Understanding Dental Cavities and Fighting Them

By: samkern
Dental cavities are more commonly known as tooth decay. The factors that affect tooth decay are: dental hygiene, the kind of food we eat and the amount of fluoride in our toothpastes. It is now recognized that family history of tooth decay is another risk factor for poor dentition. This is very common, as many people inherit tooth problems that have been passed down from generation to generation.

People who are at even higher risk of tooth decay are people who suffer from dry mouth. This is because they lack the protective effect of saliva. Dry mouth is very common, and is normally the result of medications, illness, and radiation treatment. Tobacco users will also suffer from dry mouth, as the tobacco will use up the saliva in the mouth and leave the user with nothing to keep his or her mouth moist.

Cavities are serious medical condition and if neglected, can result in the loss of the tooth. This can also destroy the nerves as well, resulting in an abscess. An abscess is very serious, as it infects the root tip. If left untreated, an abscess can result in death. Although you may not realize it, cavities are a very serious matter that can quickly spread to something even more serious.

It is highly advisable to have routine checkups with a dentist as he would be checking for dental cavities. Without visiting the dentist, it is impossible to tell whether or not you have a cavity. Most cavities develop below the gums, and you will not be able to see them. If the cavity exists in the tooth, you will be able to see it, as it will change the color of the affected area. If you notice a color change or a blackened area in your tooth, you should make an appointment with your dentist immediately.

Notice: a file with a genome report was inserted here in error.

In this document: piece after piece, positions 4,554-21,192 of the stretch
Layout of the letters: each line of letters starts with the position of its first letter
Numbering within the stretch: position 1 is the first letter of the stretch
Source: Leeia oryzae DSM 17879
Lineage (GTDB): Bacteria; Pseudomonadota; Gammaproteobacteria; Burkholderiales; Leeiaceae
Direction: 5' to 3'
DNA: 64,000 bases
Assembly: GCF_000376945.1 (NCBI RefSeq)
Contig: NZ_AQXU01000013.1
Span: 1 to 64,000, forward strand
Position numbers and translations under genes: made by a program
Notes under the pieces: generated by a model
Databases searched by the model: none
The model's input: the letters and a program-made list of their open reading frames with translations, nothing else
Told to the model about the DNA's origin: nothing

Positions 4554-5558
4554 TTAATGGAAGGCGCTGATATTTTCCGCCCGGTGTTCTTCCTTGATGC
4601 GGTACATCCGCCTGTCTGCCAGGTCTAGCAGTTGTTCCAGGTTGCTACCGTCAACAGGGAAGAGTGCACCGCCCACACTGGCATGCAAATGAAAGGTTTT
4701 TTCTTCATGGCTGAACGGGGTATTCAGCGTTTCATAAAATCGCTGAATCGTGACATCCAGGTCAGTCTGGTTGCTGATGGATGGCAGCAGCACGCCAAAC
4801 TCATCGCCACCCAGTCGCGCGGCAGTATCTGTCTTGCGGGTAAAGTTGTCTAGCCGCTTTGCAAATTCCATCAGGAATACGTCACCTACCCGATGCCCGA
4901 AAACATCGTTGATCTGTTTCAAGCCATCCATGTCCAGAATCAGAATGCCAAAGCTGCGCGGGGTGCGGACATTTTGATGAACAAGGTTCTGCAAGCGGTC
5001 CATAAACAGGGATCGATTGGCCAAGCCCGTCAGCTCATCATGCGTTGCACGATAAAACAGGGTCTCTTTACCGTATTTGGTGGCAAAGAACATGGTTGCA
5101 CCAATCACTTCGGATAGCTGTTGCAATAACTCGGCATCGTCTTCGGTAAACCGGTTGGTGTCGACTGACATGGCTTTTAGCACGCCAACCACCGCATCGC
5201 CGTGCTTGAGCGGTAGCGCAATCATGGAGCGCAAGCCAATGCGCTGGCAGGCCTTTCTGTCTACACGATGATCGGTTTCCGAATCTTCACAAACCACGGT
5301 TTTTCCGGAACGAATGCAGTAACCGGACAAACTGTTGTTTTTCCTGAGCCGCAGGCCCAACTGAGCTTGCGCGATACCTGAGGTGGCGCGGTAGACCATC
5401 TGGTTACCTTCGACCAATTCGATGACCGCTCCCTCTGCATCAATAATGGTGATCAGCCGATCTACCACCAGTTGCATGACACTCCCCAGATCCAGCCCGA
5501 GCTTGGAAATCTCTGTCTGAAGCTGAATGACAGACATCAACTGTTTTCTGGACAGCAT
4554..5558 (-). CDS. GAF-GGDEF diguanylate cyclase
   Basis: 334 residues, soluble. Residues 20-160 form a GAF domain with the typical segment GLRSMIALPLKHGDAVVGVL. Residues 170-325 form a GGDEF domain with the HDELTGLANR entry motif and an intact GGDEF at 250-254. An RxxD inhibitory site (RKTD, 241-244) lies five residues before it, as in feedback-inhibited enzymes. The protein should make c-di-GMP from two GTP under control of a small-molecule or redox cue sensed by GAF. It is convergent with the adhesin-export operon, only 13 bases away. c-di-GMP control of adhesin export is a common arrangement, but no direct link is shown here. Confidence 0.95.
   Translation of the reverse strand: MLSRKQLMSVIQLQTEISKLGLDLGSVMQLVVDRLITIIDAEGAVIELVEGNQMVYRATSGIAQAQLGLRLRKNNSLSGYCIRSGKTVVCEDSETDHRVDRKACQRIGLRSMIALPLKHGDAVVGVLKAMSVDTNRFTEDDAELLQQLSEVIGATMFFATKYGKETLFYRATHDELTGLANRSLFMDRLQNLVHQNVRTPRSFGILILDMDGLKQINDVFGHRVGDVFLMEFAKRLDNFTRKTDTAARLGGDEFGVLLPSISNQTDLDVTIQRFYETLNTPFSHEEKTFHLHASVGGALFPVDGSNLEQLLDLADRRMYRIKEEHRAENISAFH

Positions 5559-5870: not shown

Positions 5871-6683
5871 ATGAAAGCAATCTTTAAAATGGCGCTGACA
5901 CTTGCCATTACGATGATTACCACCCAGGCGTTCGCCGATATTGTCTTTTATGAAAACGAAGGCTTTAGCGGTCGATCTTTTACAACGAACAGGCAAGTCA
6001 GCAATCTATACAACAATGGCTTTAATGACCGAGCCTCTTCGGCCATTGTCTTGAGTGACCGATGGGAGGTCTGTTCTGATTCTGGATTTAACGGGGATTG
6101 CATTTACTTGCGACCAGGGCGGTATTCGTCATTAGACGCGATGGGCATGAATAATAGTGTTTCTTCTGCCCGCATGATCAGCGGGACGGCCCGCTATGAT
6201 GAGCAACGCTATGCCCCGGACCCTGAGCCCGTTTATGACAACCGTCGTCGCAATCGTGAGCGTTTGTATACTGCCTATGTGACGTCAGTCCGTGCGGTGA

The biggest risk factor for cavities is by far determined on the kind of food you eat. If you eat a lot of sweets or drink a lot of soda, you will be at a higher risk for cavities. Foods that are rich in sugar or starch are eaten by bacteria found in plaque, which will produce acids that eat through teeth. This acid is very harmful to teeth, as it can eat through the dentin and enamel in no time at all. If you do not do something about it, the acid will continue to eat at the tooth until there is nothing left to say - leaving you no choice but to get the tooth extracted.

Gradually, the tooth enamel that acts as a protective layer, will start to dissolve beneath the surface of your tooth, even though the surface will appear to be fine. Once the acid has managed to eat away enough of the enamel below the surface, the surface will collapse, which results in a cavity. After this has happened, if you do not get it treated, the tooth will continue to be eaten and the cavity will continue to spread until all of the tooth has been eaten, after which the enamel will be gone and your root will be exposed - which can be very painful.

The most common places for cavities to develop are in the pits of chewing areas around the back teeth, between your teeth, or near the gum line. No matter where they occur, the easiest way to spot them is to visit your dentist. Your dentist will be able to do x-rays and find out just how bad they are and tell you what options you have. If you visit him in time, he will be able to save the tooth and stop the cavity before it spreads throughout your tooth.
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